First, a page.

The law, signed by President Vladimir Putin in June, bans “propaganda of nontraditional sexual relations” and imposes fines on those holding gay pride rallies
LGBTQ community strongly protested at Vancouver Pride Parade 2013
A Change.org petition with 54,000 signatures is calling for the winter games to come back to Vancouver.
Global outcry over Russia’s laws against “homosexual propaganda” has yet to follow with the International Olympic Committee (IOC) taking a firm stance against the discriminatory legislation as athletes prepare for the Sochi 2014 winter games.
The law, signed by President Vladimir Putin in June, bans “propaganda of nontraditional sexual relations” and imposes fines on those holding gay pride rallies. Russian Sports Minister Vitaly Mutko urged critics of Russia’s new anti-gay law to calm down, and that the rights of all athletes competing at next year’s Winter Olympics in Sochi will be respected. However, he also insists that athletes would “have to respect the laws of the country” during the Feb. 7-23 games in the Black Sea resort in southern Russia.
The new law imposes fines for spreading information about gay choices to minors, totally bans any gay pride rallies or events and, in essence, makes it illegal to speak about being gay in public spaces. Western leaders and organizations have condemned the legislation as being hateful and likely to incite violence against Russia’s gay population.
The outrage has been universal and high reaching. U.S. President Barack Obama said that he has “no patience” for countries, like Russia, that intimidate and harm individuals based on their sexual orientation.”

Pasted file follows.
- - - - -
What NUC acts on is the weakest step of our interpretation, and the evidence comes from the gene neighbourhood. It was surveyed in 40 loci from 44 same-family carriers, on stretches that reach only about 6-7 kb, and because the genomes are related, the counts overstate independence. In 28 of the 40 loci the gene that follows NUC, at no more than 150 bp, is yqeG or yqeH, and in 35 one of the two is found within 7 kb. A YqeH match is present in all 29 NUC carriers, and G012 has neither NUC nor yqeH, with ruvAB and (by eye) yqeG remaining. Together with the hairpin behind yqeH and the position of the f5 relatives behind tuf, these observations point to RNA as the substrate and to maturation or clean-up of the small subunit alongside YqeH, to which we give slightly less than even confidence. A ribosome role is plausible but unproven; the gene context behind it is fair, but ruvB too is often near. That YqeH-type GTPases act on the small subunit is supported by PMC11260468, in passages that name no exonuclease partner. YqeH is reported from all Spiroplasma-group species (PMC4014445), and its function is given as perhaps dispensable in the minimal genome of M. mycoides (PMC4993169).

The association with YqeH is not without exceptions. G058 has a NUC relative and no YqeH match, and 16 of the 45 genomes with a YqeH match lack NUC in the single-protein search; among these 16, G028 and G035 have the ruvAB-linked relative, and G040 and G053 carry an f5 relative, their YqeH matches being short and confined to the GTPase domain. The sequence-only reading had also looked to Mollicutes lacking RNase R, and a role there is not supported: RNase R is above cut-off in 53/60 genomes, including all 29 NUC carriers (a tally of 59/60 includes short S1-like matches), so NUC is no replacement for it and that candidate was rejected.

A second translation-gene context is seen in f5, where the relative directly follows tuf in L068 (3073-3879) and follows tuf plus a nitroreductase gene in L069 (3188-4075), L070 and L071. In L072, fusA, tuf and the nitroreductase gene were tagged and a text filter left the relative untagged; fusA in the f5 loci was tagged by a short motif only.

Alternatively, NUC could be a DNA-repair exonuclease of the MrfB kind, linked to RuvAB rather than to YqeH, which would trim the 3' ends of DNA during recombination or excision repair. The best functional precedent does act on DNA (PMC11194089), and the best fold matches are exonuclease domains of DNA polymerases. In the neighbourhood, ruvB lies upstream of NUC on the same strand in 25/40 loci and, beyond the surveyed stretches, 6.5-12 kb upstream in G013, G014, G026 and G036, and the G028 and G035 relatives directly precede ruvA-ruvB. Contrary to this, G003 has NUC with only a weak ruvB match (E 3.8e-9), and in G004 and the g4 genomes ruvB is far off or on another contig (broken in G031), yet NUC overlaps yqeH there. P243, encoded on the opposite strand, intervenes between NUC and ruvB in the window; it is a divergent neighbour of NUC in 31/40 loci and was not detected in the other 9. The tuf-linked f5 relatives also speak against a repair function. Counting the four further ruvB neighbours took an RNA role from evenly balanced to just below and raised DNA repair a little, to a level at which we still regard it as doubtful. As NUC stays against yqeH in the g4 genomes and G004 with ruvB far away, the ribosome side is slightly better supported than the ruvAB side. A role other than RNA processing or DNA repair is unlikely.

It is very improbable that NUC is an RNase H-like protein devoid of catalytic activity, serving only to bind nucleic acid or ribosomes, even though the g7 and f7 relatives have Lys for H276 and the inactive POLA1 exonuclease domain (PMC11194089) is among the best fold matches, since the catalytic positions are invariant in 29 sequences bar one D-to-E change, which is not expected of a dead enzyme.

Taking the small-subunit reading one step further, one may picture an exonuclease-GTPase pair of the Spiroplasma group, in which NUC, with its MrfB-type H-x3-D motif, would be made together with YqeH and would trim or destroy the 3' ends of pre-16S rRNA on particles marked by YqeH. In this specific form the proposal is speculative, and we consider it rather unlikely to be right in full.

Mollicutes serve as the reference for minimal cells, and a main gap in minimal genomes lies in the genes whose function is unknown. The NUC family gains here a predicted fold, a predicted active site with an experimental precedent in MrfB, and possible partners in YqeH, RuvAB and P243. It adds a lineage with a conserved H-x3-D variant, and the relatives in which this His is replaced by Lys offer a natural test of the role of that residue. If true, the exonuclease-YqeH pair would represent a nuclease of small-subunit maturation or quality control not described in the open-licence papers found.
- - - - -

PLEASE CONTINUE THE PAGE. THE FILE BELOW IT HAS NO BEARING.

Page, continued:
There is a strong argument in favor of boycotting the Winter Olympics, as Russia’s horrific human rights record should have been considered long before awarding Russia the games. The Russian government’s recent escalation of discrimination less than a year prior to the Olympics says quite clearly that the Russian government does not care about international attitudes criticizing its treatment of gay athletes or any other segment of society.
International Association of Athletics Federation said last month that Russia should reconsider its stance on gay rights, but that the IAAF won’t make an issue of the topic during the world track and field championships, which began in Moscow this August. IAAF deputy general secretary Nick Davies said that the greater exposure to a variety of lifestyles might serve as an impetus for Russia to reconsider their views but, but in the absence of this change, sports and politics should be kept separate.
U.S. Olympian Nick Symmonds wrote in a Runner’s World column that despite his strong pro-equality stance, which includes having appeared in a NoH8 ad, he won’t raise the issue during the world championships. “The playing field is not a place for politics,” Symmonds wrote.
Last month, the IOC said it would ‘work to ensure that the Games can take place without discrimination against athletes, officials, spectators and the media’. It said: ‘To that end, the IOC has received assurances from the highest level of government in Russia that the legislation will not affect those attending or taking part in the Games.’
It has recently emerged gay athletes and tourists attending the Winter Olympics could face being arrested or deported under the country’s controversial legislation.